SBAP AMBULATORY CASE PRESENTATION (with concepts borrowed from IHI’s SBAR- or use this cute video explanation of SBAR)

·        Be concise- Learn to communicate key facts in 5 minutes, so others can rapidly be informed and become helpful to you and your patient.  

·        Do not read clinic notes verbatim. Presentation ≠ Documentation. Too much extraneous information will cognitively overload listeners.

·        Maximize efficiency in transfer of complex data with use semantic qualifiers and medical terminology (“chronic dyspnea on exertion” instead of “patient says he always feels short of breath when he walks a lot”)

·        Stay organized, avoid editorial comments, and do not lose track of the patient’s concerns (cc)

·        Advance learners should start with a questions, so you can focus preceptor teaching 

 

Click the links below for example

SituationGive your listener context, why is this patient here? What type of visit is this? How much time do you have to discuss? How can your preceptor help?

·        Context: Age/gender, new vs. f/u patient, urgent care vs. continuity visit, consult, preop…?

·        Chief Complaint:  Identify what’s the most important pt concern(s) at the start. This doesn’t have to be a physical discomfort, it can be a specific request (testing, rxs), or a worry expressed about a disease.  Listing the CC upfront, will help avoid a doctor-centered approach to the H&P encounters.  This will ensure that your patient is heard and their concern is prioritized. If the patient is asymptomatic, you should explain why the patient was even asked to come back:  “diabetes management”

·        If you are running late or have a busy schedule, let your preceptor know. They will be more judicious w teaching and help with patient flow and scheduling.

Background – Provide relevant Pmhx and H&P findings.  Avoid discussing differentials/plans during the HPI.

·        Problem List: Starting with a prioritize and brief listing of relevant medical problems to help others to quickly understand the patient and the context of the chief complaint. For complex or elderly pts with long lists of active medical conditions as well as extensive Pmhx (inactive conditions), you will need to edit down to not overwhelm the listener.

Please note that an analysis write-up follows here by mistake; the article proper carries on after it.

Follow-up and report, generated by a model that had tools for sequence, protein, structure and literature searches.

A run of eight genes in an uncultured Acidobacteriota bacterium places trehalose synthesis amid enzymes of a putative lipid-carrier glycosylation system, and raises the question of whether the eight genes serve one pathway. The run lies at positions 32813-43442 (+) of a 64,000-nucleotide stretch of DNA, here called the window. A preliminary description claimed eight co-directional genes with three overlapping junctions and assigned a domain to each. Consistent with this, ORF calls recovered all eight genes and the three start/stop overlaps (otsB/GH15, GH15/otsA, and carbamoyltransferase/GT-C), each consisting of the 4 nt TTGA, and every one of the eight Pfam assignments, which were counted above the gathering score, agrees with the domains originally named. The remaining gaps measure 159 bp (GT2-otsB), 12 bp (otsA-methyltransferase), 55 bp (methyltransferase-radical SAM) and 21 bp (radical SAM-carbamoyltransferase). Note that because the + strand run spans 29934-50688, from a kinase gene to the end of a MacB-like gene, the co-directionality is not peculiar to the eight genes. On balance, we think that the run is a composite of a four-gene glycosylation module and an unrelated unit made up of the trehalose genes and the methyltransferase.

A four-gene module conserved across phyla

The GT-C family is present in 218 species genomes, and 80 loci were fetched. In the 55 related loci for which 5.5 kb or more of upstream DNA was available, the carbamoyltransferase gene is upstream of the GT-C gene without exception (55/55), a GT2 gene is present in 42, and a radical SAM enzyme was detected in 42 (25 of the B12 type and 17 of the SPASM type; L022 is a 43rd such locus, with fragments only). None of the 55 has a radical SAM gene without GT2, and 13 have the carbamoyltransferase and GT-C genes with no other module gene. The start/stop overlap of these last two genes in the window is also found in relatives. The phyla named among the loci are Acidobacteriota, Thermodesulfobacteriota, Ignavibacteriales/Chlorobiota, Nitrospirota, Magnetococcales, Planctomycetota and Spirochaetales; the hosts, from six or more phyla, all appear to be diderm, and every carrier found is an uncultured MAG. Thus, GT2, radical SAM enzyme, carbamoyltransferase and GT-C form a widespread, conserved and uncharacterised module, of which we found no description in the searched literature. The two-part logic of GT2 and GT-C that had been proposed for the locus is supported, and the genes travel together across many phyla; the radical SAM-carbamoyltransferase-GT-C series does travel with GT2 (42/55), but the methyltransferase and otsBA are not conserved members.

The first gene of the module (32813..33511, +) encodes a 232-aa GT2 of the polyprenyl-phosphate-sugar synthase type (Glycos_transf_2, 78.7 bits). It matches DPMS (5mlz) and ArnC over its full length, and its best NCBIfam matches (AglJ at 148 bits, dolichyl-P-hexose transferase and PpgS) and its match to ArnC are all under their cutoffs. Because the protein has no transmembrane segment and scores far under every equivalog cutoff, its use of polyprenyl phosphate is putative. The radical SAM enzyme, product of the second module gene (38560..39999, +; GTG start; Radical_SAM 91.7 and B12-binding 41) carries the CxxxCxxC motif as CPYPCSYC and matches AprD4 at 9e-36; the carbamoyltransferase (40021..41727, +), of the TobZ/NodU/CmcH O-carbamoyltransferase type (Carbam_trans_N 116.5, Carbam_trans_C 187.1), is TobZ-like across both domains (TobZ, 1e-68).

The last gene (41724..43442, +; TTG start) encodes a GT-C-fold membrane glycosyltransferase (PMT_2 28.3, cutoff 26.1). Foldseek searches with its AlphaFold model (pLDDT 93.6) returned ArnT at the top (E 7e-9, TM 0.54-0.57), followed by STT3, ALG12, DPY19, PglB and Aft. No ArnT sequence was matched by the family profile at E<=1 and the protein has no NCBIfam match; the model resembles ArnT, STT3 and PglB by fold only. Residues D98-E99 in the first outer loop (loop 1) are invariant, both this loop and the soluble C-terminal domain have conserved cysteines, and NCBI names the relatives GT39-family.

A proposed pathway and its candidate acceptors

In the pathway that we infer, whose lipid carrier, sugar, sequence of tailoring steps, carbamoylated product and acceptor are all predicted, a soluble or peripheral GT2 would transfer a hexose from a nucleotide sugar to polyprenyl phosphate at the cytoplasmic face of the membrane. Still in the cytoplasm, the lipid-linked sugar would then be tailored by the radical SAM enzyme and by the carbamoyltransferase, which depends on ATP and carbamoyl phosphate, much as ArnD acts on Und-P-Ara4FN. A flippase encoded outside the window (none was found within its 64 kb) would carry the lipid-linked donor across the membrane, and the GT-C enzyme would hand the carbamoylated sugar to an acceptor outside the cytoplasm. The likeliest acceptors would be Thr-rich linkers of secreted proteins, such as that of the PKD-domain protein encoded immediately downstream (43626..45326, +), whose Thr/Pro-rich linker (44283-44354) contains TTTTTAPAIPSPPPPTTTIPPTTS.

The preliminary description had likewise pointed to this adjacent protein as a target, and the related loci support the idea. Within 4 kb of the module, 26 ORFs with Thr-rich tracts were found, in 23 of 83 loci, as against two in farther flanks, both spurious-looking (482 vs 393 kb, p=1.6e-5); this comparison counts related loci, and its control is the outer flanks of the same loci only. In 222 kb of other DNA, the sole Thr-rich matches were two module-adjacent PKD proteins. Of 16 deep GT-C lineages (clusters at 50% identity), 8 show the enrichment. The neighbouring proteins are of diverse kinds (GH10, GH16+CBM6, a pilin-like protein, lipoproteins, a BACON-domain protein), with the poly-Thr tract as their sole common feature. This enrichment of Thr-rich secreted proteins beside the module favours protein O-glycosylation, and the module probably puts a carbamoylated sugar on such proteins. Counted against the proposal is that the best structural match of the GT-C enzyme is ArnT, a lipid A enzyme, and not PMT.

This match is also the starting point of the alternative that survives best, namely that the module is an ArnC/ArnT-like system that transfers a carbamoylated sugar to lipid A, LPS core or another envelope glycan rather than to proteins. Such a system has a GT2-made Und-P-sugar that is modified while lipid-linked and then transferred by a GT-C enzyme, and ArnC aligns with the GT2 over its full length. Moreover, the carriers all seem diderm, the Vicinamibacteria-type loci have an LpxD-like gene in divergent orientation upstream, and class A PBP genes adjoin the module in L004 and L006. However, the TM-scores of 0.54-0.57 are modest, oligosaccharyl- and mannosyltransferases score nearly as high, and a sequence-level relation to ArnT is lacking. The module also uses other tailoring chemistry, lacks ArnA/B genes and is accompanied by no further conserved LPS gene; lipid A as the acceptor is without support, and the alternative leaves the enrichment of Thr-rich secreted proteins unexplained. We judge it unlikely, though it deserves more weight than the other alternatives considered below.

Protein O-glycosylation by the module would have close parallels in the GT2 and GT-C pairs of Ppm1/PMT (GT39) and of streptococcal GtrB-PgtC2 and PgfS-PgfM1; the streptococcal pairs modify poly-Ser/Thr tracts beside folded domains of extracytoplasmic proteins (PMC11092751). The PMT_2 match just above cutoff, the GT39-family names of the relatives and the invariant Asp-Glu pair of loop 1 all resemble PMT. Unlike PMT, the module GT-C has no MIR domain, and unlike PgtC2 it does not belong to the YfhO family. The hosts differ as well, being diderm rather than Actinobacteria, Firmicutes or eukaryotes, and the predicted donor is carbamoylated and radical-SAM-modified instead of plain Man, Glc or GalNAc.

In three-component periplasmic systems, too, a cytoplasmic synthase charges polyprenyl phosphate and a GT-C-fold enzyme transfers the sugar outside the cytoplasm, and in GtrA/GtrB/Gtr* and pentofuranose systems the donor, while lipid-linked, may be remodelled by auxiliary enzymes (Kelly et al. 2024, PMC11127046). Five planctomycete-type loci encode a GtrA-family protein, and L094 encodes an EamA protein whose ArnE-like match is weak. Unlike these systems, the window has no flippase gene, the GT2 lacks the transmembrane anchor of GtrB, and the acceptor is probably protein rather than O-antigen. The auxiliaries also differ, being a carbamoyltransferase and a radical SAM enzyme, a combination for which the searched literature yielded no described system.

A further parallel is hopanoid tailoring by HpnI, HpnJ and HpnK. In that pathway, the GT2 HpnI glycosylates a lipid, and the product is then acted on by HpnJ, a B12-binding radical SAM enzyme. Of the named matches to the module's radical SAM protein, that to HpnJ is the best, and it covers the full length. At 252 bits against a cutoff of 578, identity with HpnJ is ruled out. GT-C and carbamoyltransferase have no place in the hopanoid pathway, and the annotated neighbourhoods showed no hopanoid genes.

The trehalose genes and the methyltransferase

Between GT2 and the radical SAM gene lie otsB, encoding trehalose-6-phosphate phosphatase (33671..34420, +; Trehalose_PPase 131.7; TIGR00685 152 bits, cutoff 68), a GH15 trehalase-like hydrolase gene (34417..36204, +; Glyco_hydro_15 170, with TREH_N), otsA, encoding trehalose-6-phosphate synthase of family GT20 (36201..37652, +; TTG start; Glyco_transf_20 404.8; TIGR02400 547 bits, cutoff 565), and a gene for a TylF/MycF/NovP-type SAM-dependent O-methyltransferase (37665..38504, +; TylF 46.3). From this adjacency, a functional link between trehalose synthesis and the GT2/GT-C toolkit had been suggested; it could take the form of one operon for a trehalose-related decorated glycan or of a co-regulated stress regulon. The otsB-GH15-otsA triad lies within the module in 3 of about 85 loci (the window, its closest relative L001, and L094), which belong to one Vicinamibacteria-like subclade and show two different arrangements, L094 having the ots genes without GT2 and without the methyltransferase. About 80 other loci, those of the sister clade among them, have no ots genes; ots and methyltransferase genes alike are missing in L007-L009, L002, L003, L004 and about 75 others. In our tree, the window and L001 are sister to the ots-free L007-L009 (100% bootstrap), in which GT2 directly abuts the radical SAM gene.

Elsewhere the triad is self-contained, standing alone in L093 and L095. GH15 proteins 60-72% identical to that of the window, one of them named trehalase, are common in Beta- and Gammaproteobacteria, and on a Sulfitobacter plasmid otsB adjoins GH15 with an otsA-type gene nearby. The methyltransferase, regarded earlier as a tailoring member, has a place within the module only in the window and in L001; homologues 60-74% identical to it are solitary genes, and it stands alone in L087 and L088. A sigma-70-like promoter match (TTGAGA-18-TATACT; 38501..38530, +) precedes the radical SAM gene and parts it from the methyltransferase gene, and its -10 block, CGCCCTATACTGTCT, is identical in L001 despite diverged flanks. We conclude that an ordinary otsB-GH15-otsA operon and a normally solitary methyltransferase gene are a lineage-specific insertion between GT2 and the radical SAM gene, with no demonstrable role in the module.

·        HPI/ROS: clarify pt’s history of new symptoms and active disease states, include pertinent +/-.  Follow with an exploration of other concerns of yours (hx of chronic disease management, home bp or fsg results, med intake..).  Include ROS, functional status/exercise tolerance should always be explored at each encounter.

·        Medications List: ALWAYS read out

·        Medication allergies: if present

·        Family Hx/Social Hx: ALWAYS on new patient visits. Include on follow up visits if relevant

·        Physical Exam: VITALS ALWAYS, exam pertinent pos/neg

·        Data: describe only new and relevant labs/imaging

Assessment/ Plan                             

·        Summary Statement- Summarize the clinical situation in ~3 sentences (who is this patient? why are they here? What are notable findings?)

·        Then discuss by priority of problems uncovered- patient’s chief concern is always problem #1.  Always define problems ONLY to level of certainty (dyspnea ≠CHF, stomach pain≠ GERD)

·        For undiagnosed problems/symptoms/findings- generate 3-5 differential diagnosis and provide clinical reasoning- list most likely, less likely, and “can not miss” diagnoses… then argue for and against each.

·        Define plan for each problem –list next steps in diagnostics or treatment

·        health maintenance and prevention needs/plans –screening/counseling/vaccinations are reviewed as the last “problem” to every ambulatory evaluation.  This is always the last problem in each discussion.

·        Define follow up interval/instructions for patient prior to next visit- when is a safe interval to return for followup